Fighting noisy businesses in the West Loop
05/11/2011 10:00 PM
Friends and I recently celebrated the signs of spring at one of West Madison Street’s outdoor patios. It had me recalling a CAPS meeting four years ago where the dominating topic was motorcycle noise on that very corner. I attended the meeting back then to talk about the drug use and the drug dealing I saw while on my daily constitutional. I came away with a “we’ll look into it” about the drugs, and a wealth of information about noise pollution.
The neighbors shared in great detail when and where the motorcycles were the loudest and asked for police action. The CAPS officer said police could not ticket for noise pollution without a meter reading to verify that the decibel level exceeded legal limits. In typical bureaucratic fashion, the meters were the responsibility of the Department of Environment, not the police, and were only available during regular business hours.
I shared that last part with my friends and we laughed — saying these days there’s no need for that decibel meter because today “there’s an app for that!” That’s true, actually, but the department doesn’t allow the use of outside technology to measure decibels.
More than cell phone technology has changed since that meeting. In 2007, the Deleterious Impact/Public Nuisance ordinance was passed. It allows residents within 500 feet of a nuisance a number of remedies, including requesting the revocation of the a problematic establishment’s licenses.
That ordinance works in tandem with the Chicago Environmental Noise Ordinance, a section of the Municipal Code that sets time limits and noise standards on a wide range of noise sources in the city. It is enforced by the Department of Environment along with the Chicago Police Department.
According to the ordinance, “between the hours of 10:00 p.m. and 8:00 a.m., no person on any private open space shall employ any device or instrument that creates or amplifies sound, including but not limited to any … radio or device that plays recorded music, to generate any sound … that is louder than average conversational level at a distance of 100 feet or more from the property line of the property from which the noise is being generated.”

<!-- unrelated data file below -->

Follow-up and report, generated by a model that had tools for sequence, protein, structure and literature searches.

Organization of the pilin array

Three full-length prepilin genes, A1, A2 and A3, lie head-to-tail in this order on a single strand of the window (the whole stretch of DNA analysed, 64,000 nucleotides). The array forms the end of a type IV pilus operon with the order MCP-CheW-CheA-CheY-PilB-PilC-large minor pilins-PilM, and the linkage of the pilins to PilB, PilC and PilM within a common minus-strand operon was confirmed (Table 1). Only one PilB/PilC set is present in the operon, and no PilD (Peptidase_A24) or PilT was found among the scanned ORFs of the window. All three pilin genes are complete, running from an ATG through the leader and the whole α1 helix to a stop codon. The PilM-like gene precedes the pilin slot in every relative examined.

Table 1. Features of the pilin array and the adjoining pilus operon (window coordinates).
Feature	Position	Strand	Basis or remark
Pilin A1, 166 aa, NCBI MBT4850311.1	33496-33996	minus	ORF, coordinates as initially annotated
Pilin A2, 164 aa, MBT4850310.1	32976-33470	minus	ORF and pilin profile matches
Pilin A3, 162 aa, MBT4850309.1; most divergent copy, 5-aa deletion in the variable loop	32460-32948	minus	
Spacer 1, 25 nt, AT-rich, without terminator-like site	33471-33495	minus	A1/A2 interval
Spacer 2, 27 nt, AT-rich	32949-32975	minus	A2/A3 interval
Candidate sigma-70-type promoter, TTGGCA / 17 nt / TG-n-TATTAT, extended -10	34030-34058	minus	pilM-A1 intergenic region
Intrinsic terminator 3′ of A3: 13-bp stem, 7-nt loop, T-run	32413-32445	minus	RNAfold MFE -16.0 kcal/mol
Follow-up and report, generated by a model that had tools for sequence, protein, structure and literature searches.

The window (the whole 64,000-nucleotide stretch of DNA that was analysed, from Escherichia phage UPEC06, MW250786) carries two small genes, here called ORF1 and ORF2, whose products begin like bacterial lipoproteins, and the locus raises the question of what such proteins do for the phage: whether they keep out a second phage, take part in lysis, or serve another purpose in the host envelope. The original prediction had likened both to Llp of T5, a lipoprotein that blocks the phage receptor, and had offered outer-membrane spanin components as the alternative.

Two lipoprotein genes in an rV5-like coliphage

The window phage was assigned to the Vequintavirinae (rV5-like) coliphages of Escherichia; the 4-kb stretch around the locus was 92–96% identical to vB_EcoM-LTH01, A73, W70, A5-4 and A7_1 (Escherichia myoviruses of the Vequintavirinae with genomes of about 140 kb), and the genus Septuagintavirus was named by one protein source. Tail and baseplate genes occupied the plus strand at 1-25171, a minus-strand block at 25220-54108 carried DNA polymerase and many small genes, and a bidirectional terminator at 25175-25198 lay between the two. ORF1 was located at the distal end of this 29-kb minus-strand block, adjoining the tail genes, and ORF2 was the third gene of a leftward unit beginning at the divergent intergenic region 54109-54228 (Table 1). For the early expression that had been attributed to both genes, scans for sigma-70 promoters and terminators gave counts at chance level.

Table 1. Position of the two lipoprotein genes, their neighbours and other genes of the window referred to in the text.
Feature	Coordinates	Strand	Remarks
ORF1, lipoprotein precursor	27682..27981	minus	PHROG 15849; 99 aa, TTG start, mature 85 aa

I should note that individuals’ voices do not constitute a nuisance according to this ordinance, though I am sure quite a few of us have felt differently over the years!
A group of West Loop homeowners are currently considering the revocation process for a Randolph Street club. Thus far neighbors feel the club has ignored their concerns about noise and congestion. One resident has taken to documenting the 2 a.m. disturbances. He calls 911 and stays up to record the police response to the scene, which can take 15 or more minutes.
So, these neighbors may begin the process of revoking the club’s liquor license. Interestingly, the process begins when just five residents within 500 feet of the nuisance submit letters of complaint. From their geographic vantage point which includes the stretch of Randolph Street popping with Bon V, Market, Red Kiva and Event One, there are likely plenty more neighbors ready to put pen to paper.
Another place to turn might be your alderman’s office. Alderman Walter Burnett’s office looks to be busy addressing nuisance complaints. A quick look at the city’s calendar shows five of the 15 scheduled community meetings are regarding businesses in his 27th ward, including one for Plush, the West Loop bar at 1104 W. Madison St. Set for July 14 at 9:30 a.m. at City Hall, it is Plush’s third meeting. The owner of Plush is expected to present a corrective plan to the hearing officer, one of the steps in the license revocation process. If the owner fails to provide or follow the corrective plan then action can be taken.
If you are struggling with noise disturbances, the City encourages you to call 311 so you can be routed to the appropriate department. For recurring problems, the city’s website suggests attending a police beat community meeting. If nothing else, you might find a group of similarly concerned residents who also attend CAPS and can track the issue with you. Finding people with flexible work schedules will be important if you want to move forward with the complaint process, as most hearings take place downtown in the middle of the work day. If you’re lucky, you might run into one of those decibel readers while you’re there.